Sea Kayaking In Spinalonga Bay
- by XpatAthens
- Monday, 16 February 2015
Standing on the seashore of Plaka, a hamlet 16 kilometers north of Agio Nikolaos in eastern Crete, the island of Spinalonga looks invitingly close. Just a hop, skip and a jump away by sea kayak—or so it seemed. Spinalonga is a spit of land situated at the mouth of Spinalonga Bay.
Strategic since antiquity, in 1579 the Venetians erected a gargantuan fortress befitting of their superpower status, and indeed, its protectors defied Turkish conquest for several decades longer than any other Cretan garrison. The fort finally fell to Ottoman rule in 1715.
On a warm October day our cozy group of four Americans and four Greeks planned to kayak over to Spinalonga Island. From there, we would head down its bay, a short portage, then down Poros Bay to Agio Nikolaos. At most, the trip was fifteen kilometers.
From Plaka, a local fisherman can probably make the voyage to Spinalonga Island in about twenty minutes. It took my best friend Pia and me about two hours.
Pia and I had never kayaked. Our initial hour was spent on land just trying to get a grasp of this sport and its paraphernalia. We donned life jackets, colorful wetsuits and learned how to put on a “kayak skirt.” This is a sturdy cloth worn around your waist: when seated in your kayak, you attach the skirt’s hem to the open perimeter of your seat so that water doesn’t enter the boat. Next were some rudimentary rowing lessons. We sat on the beach, pretending we were at sea, and went through the motions of manipulating the paddles.
Pia and I reasoned that, being first-time kayakers, we should operate the two-seater. Wrong. We didn’t know when to paddle, how to coordinate our rowing or even which direction to face when a strong wind blew. Not but fifteen minutes after setting out to sea, one moment we were dry, the next moment we were wet. The boat capsized so suddenly we didn’t even have a chance to shout the proverbial “Man Overboard!” Sobered by the incident, we took our friends’ advice and got our own kayaks, and discovered that individual navigation was superior to teamwork, at least when the team was clueless in the art of kayaking.
When we arrived to Spinalonga Island some of us were quite wet and all of us looked a little goofy in our loudly colored kayak mini-skirts. The tourists stared, mostly at Miltos. While our skirts laid flat, his undulated with a flamboyant pink hem akin to an Argentine tango costume that got shrunk at the cleaners. For some reason, he kept it on during our entire visit to Spinalonga which prompted endless guffawing.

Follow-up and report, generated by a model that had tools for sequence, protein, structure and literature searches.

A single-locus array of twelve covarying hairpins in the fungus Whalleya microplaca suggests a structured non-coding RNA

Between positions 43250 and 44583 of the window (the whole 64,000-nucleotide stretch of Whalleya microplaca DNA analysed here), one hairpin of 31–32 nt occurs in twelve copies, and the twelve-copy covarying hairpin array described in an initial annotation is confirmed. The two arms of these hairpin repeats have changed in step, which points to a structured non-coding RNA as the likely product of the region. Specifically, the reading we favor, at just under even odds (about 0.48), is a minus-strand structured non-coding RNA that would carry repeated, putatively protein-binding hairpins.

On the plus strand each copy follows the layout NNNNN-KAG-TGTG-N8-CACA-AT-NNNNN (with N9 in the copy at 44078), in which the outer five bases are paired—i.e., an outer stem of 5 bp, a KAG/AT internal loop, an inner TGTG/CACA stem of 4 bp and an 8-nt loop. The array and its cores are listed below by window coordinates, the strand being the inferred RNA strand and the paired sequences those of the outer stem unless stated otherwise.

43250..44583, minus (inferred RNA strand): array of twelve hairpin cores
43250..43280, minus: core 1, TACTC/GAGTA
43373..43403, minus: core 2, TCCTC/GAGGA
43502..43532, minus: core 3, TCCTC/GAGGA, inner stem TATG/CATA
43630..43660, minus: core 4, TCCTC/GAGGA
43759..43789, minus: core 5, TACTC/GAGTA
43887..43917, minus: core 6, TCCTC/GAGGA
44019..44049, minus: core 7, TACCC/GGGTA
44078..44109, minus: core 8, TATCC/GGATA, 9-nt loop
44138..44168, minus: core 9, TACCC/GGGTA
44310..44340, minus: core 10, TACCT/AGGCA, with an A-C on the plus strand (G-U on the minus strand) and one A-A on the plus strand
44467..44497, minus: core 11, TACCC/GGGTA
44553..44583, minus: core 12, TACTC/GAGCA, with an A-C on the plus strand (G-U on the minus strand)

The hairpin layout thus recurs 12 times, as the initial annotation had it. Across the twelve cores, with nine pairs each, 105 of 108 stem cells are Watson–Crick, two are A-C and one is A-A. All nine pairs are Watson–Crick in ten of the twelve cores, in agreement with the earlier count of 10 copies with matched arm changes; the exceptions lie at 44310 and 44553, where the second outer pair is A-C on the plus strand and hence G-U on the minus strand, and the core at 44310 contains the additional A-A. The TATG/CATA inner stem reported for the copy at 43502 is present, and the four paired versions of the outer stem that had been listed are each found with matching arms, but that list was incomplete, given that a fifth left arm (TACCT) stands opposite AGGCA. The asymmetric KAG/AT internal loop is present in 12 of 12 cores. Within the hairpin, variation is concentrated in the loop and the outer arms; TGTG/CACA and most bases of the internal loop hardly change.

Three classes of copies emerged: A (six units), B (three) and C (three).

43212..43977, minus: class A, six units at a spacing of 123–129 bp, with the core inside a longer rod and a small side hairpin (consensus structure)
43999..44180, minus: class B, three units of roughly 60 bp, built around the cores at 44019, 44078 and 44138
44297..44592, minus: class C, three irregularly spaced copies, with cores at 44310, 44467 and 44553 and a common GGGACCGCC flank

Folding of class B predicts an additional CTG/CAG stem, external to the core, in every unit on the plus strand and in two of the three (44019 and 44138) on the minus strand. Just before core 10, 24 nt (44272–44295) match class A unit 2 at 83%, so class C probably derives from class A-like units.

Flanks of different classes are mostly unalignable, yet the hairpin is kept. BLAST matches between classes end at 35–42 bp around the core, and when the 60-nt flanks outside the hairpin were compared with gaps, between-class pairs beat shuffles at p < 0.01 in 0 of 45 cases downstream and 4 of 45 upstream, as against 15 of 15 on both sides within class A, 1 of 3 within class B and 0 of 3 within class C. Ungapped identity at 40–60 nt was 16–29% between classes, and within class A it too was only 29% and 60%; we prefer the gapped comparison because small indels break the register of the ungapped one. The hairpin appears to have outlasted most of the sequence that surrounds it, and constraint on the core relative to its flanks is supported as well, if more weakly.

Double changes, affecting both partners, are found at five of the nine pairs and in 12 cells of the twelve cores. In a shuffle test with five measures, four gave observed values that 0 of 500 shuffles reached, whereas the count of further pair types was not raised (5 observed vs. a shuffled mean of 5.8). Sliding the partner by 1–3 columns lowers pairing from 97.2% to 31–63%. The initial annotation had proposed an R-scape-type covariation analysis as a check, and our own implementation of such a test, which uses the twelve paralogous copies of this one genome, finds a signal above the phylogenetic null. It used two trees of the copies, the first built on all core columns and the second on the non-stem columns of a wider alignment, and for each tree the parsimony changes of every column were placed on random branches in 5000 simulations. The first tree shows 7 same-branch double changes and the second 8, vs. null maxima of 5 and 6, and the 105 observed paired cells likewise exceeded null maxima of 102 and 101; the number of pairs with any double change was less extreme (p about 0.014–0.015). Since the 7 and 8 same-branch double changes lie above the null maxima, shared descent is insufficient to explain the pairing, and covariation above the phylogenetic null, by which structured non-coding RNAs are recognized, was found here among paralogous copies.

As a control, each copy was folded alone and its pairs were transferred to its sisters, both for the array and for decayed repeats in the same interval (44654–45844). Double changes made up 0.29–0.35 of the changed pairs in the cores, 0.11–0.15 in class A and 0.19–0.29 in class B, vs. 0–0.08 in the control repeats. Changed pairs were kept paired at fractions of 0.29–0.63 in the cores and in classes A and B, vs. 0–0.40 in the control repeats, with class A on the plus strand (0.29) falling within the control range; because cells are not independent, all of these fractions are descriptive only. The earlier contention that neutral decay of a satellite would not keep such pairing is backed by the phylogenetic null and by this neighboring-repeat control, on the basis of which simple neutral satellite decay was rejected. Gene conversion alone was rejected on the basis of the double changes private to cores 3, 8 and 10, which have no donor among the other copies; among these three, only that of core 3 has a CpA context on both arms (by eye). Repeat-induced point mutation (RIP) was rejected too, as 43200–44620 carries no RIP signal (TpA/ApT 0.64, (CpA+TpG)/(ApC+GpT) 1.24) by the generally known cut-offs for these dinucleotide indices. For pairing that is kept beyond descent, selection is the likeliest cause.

After Crete formally united with Greece in 1913, Spinalonga became a leper colony and remained so until 1957. The island is larger than expected when you peer at it from the Crete mainland. One can easily spend several hours strolling its pathways and perimeters. The elegant Venetian architecture—curved arched portals, for example—contributes to Spinalonga’s beauty, yet a haunting feeling pervades,perhaps attributable to the cemetery whose open graves bear the assumingly impaired bones of the prior inhabitants.
My afternoon kayaking was far more successful once I got the hang of it. And the disappearance of the winds helped appreciably. Our group soared along pretty much all together instead of scattered leagues apart as we had been during the morning. The scenery in Spinalonga Bay is breathtakingly spectacular -- mountains in the distance on a blinding shiny blue sea devoid of any other seafarers except the eight of us. The rock cliffs on the coast mesmerized me: they were wavy, in layers, like slabs of thick uncooked bacon stacked on top of one another, truly of postcard caliber. One area we paddled to was peculiar as it felt sheltered like inside a cave but actually we were in an open area on the sea.
If you are inclined towards a little physical activity while vacationing, I heartily recommend sea kayaking in Spinalonga Bay. Beginners can complete the journey from Plaka to Agio Nikalao, with a pit stop on the island, easily in one day. By the end of your adventure, you will feel exhilarated by the aquatic workout and gain yet another reason to place Crete high on your list of magnificent Mediterranean islands.
By Colleen McGuire
Managing Director of cyclegreece.gr